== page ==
Tom values power over others to a great extent. At the beginning of the novel, he is unable to fully control his wife. She pokes fun at him and his ideas, calls him a "brute" even though he hates that word, is angry with him for his infidelity, and feels...
Tom values power over others to a great extent. At the beginning of the novel, he is unable to fully control his wife. She pokes fun at him and his ideas, calls him a "brute" even though he hates that word, is angry with him for his infidelity, and feels disillusioned about their life together. This may be part of the reason Tom has so many affairs. He likely enjoys his ability to control Myrtle Wilson: when he orders her to "Get on the next train," she does it. The one time Myrtle disobeys him, saying Daisy's name over and over, "Tom broke her nose with his open hand." It seems Tom greatly enjoys the level of control he can typically exercise over his mistress; when he cannot control her, he lashes out.
Tom also sadistically enjoys exercising control over Myrtle's husband, George, a mechanic who desperately wants to buy Tom's older car so that he can sell it and make some money. When Wilson asks about it, and Tom replies that he's having his man work on it a bit, Wilson says, "Works pretty slow, don't he?" because Tom has delayed this transaction for some time. Tom responds that his man does not work slowly and threatens to sell the car elsewhere. Tom enjoys dangling the car in front of Wilson, watching the poor man who lives a sad, spiritless life in the valley of the ashes and whose wife is Tom's mistress, backpedal and defer to what Tom says.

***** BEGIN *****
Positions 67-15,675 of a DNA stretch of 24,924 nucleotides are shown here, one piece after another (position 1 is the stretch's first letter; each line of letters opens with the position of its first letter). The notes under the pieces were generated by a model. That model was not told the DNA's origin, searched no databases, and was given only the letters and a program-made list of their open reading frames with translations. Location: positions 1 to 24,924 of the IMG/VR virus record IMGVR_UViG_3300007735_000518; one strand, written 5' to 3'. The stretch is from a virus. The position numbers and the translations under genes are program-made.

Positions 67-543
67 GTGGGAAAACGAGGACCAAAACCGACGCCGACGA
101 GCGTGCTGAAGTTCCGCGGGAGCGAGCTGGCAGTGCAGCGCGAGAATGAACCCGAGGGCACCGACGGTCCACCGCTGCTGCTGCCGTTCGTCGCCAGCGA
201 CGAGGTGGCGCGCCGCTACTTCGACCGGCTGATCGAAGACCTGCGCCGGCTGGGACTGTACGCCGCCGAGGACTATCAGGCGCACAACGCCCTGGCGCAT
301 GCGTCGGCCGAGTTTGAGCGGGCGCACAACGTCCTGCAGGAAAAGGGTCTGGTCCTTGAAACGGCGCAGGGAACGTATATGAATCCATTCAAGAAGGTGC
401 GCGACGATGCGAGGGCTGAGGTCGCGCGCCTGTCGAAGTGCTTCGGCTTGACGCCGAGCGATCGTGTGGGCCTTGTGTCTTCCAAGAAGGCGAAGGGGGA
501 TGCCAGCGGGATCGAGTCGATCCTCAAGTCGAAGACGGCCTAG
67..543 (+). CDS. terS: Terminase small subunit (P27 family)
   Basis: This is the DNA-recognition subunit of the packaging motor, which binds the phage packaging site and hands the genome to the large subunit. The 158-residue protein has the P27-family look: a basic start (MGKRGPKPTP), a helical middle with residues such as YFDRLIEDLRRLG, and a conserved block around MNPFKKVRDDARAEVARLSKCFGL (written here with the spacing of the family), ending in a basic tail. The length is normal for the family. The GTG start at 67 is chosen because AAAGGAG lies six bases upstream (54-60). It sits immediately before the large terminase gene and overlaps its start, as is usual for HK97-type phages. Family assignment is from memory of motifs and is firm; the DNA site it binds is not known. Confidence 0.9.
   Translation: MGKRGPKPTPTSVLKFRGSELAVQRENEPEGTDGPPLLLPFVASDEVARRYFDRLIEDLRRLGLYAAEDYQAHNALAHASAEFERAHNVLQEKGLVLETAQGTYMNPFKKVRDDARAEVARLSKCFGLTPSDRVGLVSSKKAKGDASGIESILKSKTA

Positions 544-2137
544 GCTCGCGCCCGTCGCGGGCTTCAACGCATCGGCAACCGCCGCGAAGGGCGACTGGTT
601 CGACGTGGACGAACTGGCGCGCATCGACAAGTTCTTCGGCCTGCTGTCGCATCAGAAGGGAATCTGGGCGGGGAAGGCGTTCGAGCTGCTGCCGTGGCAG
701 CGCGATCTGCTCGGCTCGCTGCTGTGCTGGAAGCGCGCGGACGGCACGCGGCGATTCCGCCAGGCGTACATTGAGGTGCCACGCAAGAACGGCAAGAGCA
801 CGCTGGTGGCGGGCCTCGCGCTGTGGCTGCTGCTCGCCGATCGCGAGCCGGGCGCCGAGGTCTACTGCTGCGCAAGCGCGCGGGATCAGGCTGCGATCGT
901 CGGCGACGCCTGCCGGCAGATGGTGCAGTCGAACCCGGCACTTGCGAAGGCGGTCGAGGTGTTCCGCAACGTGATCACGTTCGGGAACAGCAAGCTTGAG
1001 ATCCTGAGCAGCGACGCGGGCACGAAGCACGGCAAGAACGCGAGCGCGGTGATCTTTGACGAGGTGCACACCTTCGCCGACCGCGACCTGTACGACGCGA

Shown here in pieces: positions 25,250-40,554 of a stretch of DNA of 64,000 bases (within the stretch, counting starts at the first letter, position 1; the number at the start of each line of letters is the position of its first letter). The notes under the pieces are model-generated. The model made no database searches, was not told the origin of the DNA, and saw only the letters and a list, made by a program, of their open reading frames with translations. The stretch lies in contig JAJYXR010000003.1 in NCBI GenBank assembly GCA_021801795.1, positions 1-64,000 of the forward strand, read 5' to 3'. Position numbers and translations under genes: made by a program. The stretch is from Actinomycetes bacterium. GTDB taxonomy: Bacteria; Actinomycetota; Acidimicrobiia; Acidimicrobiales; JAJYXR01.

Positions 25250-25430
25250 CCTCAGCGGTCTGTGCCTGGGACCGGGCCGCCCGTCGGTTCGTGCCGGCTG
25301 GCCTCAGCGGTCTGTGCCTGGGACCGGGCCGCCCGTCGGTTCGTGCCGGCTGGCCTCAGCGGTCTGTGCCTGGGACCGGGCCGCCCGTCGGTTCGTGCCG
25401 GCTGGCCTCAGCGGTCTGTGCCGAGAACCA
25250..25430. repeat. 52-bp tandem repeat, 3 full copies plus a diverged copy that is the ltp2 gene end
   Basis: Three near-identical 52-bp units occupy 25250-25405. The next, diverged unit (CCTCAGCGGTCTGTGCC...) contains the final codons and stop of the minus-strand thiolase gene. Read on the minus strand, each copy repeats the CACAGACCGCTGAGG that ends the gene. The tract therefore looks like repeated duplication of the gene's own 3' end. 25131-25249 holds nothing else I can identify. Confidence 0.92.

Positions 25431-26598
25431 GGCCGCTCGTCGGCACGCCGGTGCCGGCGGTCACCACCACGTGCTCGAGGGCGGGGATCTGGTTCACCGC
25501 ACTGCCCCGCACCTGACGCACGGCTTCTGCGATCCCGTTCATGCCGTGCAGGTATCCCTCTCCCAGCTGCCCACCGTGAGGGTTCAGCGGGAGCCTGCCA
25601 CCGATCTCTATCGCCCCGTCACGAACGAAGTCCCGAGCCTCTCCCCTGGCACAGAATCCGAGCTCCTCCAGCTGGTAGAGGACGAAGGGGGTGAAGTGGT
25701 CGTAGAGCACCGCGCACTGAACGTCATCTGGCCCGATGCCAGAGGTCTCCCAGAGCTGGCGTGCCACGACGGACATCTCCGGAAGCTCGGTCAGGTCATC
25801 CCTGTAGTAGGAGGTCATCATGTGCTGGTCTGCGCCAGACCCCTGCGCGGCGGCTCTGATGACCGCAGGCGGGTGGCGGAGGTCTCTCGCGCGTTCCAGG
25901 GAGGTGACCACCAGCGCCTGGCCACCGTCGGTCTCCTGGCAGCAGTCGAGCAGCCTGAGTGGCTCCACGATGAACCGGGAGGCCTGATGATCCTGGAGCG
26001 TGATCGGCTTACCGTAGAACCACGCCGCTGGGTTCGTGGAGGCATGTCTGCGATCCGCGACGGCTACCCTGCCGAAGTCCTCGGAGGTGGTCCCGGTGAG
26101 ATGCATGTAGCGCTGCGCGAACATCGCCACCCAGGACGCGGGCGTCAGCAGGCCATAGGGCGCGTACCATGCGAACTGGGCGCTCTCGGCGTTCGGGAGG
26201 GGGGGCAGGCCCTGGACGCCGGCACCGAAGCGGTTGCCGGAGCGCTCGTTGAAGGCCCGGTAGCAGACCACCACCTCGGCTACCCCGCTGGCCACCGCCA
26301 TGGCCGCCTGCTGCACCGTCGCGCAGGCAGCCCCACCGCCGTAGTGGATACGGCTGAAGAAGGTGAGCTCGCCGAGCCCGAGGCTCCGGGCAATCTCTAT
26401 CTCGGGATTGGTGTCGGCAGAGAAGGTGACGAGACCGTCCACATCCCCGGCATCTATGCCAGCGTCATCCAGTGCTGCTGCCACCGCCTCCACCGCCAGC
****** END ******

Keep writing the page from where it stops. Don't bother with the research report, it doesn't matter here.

After Tom realizes Daisy loves Gatsby and George tells him that he learned Myrtle has been having an affair, Nick sees that Tom is quite concerned: "His wife and his mistress, until an hour ago secure and inviolate, were slipping precipitately from his control." Tom hates being out of control, and so he reveals the illegal means by which Gatsby has made his money (bootlegging), partially bringing Daisy back into his control. When Nick next sees the couple, sitting at their table, Tom's "hand had fallen upon and covered [Daisy's] own," so it seems he regains some semblance of control over his wife, having lost it utterly over his mistress (who is now dead).
It seems that, in most of Tom's personal relationships, he aims to retain the upper hand. He orders Nick around, he orders Myrtle around, he manipulates George to feel more powerful, and he even successfully brings Daisy into his control by convincing her to abandon her lover.